Police in Indonesia’s Papua province have apologised after interrogators used a snake in an attempt to extract a confession from a suspected mobile phone thief, a police chief said on Monday.
A video circulating online showed police in Jayawijaya district wrapping a snake around the neck of the suspect as they questioned him.
A policeman was heard asking the suspect, “How many times have you stolen a cellphone?”.
The man cringed and screamed in fear.
The local police chief Tonny Ananda Swadaya said it was unprofessional but defended the practice, saying the snake was tame and non venomous.
“The method is wrong and we have apologised,” adding that the officers had been disciplined.
He disclosed that the snake had been kept as a pet at the Jayawijaya police station for some time to scare drunkards, who often caused trouble in the neighbourhood.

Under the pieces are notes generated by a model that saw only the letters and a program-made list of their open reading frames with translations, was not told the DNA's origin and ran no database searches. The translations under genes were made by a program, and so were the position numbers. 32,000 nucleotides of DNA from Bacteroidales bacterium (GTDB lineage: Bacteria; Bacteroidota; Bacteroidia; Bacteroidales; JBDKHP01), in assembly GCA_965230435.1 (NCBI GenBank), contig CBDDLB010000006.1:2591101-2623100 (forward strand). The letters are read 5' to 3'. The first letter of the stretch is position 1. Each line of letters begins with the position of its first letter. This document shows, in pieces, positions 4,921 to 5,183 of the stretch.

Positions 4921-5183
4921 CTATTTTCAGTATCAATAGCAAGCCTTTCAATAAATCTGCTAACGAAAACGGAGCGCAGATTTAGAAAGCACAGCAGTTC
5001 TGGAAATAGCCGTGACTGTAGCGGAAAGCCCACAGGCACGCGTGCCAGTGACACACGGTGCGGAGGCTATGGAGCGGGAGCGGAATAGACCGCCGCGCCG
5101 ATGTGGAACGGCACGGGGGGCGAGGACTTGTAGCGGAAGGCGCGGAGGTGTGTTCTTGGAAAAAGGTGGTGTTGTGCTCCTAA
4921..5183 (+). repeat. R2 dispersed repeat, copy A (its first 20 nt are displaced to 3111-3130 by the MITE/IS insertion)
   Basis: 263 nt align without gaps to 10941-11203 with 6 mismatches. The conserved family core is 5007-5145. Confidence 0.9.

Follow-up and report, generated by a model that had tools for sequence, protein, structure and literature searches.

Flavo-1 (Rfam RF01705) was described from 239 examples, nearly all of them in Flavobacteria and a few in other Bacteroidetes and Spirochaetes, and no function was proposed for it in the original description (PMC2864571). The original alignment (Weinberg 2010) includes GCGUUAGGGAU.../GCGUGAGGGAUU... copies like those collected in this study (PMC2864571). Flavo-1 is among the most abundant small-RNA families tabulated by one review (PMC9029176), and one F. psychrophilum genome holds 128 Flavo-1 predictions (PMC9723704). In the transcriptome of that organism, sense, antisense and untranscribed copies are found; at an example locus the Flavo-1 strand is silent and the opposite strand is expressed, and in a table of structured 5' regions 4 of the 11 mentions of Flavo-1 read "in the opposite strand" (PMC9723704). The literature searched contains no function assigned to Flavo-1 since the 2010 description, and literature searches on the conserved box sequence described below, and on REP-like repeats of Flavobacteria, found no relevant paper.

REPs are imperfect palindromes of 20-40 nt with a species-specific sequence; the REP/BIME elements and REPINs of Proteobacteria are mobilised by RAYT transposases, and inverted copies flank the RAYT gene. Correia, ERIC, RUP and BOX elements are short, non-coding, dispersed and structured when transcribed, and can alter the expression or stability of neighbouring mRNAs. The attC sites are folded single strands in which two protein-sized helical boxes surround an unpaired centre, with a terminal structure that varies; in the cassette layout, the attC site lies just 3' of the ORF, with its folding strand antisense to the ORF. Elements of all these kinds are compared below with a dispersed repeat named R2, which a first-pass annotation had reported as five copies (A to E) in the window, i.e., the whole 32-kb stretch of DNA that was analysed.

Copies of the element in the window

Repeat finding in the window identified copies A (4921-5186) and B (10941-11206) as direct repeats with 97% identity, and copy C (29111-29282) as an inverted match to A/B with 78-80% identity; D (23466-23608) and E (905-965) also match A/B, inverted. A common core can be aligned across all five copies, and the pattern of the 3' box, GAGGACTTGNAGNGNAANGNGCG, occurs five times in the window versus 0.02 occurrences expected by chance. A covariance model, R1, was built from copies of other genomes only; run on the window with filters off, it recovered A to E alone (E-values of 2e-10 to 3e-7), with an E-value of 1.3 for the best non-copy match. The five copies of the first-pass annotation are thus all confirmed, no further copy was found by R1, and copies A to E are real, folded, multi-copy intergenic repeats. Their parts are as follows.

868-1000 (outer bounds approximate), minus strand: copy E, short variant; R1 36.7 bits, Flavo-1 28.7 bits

“They usually fled after they saw the snake,” he said.
A human rights lawyer in Papua, Veronica Koman, said police often used snakes while interrogating Papuans, including those arrested for suspected separatist activities.
“Inhumane treatment against Papuans is regularly reported,” Koman said.
“When this snake video surfaced, many Papuans, particularly activists, who have been in and out of jail for political reasons, said that they have long known that snakes are being used by police and military,” she said.
A low level separatist conflict has been taking place in Papua, a predominantly Melanesian region, since the 1960s.